Huancavelica, mercury mine Peru, colonial period Sociology History
University of Sussex
Barbara Bradby, Plan, Market and Money: a Study of Circulation in Peru, unpublished DPhil thesis, Falmer, University of Sussex, 1982, 363pp
This thesis reanalyses a paradigm colonial encounter, that of the' Spanish conquest of Inca Peru, in the light of the theory that circulation and money are themselves class processes, which cannot be reduced to market' exchange
A reading of the. 16th century Spanish Visitas shows that the Andean
settlement pattern of 'vertical colonies' was part of a mode of exploitation of labour based on control of the-circulation of certain key goods - coca,
salt, chilli, -maize-alcohol. These goods, produced in the colonies, were
means of payment that could be exchanged for labour in the main centres
of population. Cloth, one of the main goods produced by such labour, was
itself crucial in controlling the circulation of population and planning of tribute under the Incas.
Three case-studies of the colonial period then examine the articulation between this Andean system, the development of the market, and attempts
by the Spanish state to control circulation. It is argued that the 16th
century encomienda was a mechanism for marketing the products of a planned tribute system not dissimilar to that of the Incas, and that the
rapid development of the market in goods whose circulation had formerly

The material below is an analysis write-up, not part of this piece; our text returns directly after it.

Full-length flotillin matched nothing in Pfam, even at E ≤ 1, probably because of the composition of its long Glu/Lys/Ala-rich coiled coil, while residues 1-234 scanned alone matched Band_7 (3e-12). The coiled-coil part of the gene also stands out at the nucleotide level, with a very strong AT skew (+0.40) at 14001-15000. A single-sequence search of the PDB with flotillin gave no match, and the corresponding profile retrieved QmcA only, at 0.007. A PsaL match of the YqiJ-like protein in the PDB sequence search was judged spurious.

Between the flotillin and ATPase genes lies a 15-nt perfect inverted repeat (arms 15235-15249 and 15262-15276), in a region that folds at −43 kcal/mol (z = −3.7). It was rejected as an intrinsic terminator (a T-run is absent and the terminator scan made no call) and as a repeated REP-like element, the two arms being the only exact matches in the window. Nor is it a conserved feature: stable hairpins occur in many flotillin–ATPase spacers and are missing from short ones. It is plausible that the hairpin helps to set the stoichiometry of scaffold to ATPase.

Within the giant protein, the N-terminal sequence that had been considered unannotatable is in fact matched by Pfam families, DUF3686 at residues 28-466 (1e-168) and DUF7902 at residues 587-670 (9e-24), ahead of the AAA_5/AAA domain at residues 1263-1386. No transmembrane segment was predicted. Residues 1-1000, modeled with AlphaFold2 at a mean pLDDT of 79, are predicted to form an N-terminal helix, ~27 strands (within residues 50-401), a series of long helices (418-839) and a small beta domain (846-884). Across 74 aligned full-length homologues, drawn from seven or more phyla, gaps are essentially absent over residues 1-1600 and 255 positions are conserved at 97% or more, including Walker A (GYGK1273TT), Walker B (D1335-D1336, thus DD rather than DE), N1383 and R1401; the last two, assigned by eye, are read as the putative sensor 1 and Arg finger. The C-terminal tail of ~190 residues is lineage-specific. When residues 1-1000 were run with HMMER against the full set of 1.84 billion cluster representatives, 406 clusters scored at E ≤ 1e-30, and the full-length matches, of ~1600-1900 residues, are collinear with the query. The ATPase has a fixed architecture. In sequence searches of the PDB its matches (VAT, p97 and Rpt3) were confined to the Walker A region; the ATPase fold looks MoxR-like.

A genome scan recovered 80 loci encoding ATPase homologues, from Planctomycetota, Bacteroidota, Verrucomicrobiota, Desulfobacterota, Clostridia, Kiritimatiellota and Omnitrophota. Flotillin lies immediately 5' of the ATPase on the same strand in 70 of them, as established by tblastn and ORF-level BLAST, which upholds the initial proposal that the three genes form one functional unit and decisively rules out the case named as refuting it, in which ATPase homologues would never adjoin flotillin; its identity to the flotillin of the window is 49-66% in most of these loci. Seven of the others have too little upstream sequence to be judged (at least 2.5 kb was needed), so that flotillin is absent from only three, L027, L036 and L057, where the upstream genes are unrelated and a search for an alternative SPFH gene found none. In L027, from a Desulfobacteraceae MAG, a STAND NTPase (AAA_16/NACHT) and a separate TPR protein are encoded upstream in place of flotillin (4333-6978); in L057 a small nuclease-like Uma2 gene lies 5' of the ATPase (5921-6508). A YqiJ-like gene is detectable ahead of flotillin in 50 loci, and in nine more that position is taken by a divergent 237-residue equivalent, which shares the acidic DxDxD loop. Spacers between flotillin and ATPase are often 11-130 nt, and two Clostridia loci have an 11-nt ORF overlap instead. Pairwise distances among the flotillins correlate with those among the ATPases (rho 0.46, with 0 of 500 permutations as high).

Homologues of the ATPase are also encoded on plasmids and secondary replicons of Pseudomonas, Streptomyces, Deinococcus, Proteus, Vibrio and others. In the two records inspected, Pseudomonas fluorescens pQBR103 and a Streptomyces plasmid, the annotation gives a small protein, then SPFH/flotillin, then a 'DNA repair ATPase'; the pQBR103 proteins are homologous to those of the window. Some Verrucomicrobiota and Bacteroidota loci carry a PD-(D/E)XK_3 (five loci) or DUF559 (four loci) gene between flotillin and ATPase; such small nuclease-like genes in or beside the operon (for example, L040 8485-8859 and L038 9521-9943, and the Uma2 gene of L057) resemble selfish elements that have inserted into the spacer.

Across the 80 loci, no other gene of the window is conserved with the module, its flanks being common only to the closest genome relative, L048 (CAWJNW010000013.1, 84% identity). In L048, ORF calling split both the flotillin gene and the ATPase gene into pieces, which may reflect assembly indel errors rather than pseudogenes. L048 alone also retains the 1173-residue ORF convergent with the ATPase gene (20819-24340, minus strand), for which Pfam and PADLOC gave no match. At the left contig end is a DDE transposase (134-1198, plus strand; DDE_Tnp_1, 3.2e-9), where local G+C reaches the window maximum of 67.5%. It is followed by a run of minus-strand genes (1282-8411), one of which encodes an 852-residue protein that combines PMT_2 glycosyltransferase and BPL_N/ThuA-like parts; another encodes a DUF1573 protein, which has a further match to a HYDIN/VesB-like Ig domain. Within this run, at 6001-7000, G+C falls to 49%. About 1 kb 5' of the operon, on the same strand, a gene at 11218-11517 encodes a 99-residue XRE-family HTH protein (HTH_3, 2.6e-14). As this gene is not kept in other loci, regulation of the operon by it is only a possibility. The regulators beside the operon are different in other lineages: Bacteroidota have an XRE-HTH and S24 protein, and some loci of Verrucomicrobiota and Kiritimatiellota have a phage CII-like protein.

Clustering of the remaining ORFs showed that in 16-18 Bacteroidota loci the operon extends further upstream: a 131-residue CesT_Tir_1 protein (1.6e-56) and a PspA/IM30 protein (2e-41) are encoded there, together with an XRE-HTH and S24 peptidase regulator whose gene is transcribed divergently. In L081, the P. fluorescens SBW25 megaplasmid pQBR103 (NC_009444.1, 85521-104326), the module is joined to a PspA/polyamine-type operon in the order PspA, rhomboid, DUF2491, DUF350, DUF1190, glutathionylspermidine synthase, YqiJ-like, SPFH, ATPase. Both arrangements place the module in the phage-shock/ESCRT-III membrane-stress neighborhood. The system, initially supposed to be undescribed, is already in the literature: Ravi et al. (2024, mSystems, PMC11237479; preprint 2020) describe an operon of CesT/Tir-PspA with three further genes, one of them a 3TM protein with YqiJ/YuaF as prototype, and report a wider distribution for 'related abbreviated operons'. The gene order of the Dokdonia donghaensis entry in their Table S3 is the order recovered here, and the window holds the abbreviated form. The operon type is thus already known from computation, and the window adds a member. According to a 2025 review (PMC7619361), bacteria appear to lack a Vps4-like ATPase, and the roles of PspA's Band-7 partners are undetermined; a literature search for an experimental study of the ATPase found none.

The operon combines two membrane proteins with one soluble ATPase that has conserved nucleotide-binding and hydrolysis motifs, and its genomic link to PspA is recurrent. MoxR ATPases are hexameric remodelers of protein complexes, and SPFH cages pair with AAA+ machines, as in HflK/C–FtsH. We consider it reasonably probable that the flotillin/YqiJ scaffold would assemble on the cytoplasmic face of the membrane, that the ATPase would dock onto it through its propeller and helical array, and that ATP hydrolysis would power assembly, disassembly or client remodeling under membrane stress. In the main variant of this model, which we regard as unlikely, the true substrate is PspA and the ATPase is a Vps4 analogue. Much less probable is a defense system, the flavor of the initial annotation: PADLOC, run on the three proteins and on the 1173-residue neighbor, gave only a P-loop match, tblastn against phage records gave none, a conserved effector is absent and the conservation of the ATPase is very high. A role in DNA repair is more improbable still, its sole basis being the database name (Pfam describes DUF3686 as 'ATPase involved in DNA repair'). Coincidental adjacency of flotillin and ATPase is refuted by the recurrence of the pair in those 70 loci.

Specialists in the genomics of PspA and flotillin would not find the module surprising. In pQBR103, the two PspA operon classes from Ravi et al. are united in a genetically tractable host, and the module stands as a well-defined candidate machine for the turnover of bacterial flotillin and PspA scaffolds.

been controlled - coca, alcohol and cloth - presented a major contradiction
for the local Indian rulers. Some unpublished documentation from the archive
at Huancavelica is used to analyse the conflict over the supply of forced
labourers to the state's mercury mine there and, more generally, the inter- action between the forces of plan and market. Finally, the legalisation
of the 'Distributions of Goods' in the 18th century is seen as an attempt
at state planning of the market in payment goods. The breakdown of the alliance between Spanish and Indian ruling classes in the 18th century reb-
ellions is then reinterpreted, and some conclusions drawn on the different material ways in which circulation can be used to control labour.
Please note: There is a known bug in some browsers that causes an
error when a user tries to view large pdf file within the browser window.
If you receive the message "The file is damaged and could not be
repaired", please try one of the solutions linked below based on the
browser you are using.
Items in TARA are protected by copyright, with all rights reserved, unless otherwise indicated.